Geological evidence shows that (India) had been drifting independently for about 100 million years at the time, but the organisms in the amber are closely related to other species found in northern Europe, Australia, New Guinea and tropical America, the researchers report online this week in the journal Proceedings of the National Academy of Sciences.
That means the fauna of India didn’t evolve in isolation, said study researcher David Grimaldi, the curator in the Division of Invertebrate Zoology at the American Museum of Natural History in New York.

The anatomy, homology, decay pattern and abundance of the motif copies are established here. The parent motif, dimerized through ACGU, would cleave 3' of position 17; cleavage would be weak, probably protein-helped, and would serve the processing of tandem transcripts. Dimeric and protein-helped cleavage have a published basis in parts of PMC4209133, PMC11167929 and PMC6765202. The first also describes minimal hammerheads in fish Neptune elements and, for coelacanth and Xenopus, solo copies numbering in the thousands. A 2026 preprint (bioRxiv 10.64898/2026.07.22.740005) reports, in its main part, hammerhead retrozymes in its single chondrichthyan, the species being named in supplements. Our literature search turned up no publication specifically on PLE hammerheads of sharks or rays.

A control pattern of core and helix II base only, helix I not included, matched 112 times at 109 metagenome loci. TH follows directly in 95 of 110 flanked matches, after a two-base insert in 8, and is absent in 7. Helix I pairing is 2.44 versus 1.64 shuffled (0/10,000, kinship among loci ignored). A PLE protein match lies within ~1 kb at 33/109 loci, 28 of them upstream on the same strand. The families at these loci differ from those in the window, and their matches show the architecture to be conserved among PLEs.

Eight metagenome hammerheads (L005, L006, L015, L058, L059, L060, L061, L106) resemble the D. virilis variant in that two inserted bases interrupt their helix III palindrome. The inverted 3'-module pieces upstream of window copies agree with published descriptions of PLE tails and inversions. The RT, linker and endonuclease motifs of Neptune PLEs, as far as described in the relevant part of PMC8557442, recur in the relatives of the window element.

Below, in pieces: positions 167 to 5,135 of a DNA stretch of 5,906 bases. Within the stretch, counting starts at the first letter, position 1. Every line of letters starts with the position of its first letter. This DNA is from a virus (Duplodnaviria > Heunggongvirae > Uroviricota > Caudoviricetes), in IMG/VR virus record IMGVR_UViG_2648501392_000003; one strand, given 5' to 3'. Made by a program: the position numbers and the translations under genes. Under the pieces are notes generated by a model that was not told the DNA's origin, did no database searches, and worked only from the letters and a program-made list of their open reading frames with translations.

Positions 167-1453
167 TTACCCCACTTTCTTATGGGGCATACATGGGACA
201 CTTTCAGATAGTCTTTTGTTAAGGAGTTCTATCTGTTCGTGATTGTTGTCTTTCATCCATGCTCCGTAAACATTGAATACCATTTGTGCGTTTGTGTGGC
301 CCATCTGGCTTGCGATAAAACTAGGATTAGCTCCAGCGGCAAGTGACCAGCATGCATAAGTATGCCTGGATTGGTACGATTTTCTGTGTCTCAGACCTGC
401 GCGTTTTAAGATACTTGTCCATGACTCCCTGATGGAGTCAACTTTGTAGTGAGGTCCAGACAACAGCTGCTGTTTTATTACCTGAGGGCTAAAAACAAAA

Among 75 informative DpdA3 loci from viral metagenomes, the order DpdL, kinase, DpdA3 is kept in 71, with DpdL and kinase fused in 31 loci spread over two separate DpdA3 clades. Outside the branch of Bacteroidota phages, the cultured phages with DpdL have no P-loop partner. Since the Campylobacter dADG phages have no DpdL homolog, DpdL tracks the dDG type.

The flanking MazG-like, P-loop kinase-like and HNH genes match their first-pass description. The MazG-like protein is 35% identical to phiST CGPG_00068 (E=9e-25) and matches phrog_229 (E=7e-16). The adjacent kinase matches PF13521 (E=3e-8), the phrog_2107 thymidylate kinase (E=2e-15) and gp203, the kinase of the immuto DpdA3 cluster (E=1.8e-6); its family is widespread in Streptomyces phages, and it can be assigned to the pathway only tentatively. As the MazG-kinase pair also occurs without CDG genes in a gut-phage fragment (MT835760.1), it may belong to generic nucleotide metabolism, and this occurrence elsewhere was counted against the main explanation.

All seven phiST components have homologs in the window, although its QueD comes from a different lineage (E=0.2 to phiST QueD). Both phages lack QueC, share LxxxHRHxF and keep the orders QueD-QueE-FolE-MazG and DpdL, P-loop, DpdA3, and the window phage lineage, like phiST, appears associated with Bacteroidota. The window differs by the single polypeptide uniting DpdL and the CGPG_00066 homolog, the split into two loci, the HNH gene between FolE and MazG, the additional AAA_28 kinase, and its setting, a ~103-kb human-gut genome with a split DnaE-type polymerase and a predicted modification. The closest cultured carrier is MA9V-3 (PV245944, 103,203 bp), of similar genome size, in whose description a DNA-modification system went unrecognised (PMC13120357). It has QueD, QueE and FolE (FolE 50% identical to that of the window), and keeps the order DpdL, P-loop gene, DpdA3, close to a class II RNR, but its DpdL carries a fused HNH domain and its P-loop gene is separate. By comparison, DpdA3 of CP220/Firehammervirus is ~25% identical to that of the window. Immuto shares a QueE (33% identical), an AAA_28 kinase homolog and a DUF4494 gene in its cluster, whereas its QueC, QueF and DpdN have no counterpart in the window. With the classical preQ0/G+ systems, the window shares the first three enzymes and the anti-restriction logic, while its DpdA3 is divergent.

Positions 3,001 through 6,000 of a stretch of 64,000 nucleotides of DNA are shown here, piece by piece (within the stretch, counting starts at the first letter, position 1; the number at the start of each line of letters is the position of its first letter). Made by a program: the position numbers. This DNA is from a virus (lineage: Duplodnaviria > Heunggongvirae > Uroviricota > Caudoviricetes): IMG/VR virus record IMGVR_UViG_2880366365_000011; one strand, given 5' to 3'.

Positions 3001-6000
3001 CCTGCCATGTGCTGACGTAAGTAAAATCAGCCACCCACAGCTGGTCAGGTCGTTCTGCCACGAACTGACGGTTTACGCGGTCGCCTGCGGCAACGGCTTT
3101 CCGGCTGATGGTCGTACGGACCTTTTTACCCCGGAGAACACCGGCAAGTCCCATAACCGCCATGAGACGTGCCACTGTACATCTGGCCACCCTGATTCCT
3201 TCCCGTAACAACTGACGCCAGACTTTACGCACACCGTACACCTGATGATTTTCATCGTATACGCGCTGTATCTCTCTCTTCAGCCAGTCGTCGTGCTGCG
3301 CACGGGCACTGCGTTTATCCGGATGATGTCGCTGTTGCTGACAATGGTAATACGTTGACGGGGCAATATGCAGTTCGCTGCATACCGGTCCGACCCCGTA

“There must have been some connections between India and Asia that geologists aren’t accounting for,” Grimaldi told LiveScience.
How about this … the geological evidence is wrong, and India was not drifting independently after all? That’s what the Expanding Earth theory guys say.
In other words, the Expanding Earth theory is totally heretical and not accepted by the mainstream, but they are the only people in the world right now who are not surprised by the “unexpected India-Asia ties.” But plate tectonics is so entrenched there is zero chance of it being falsified by this finding. But at least we may say that the Expanding Earth theory has gained a point in its column.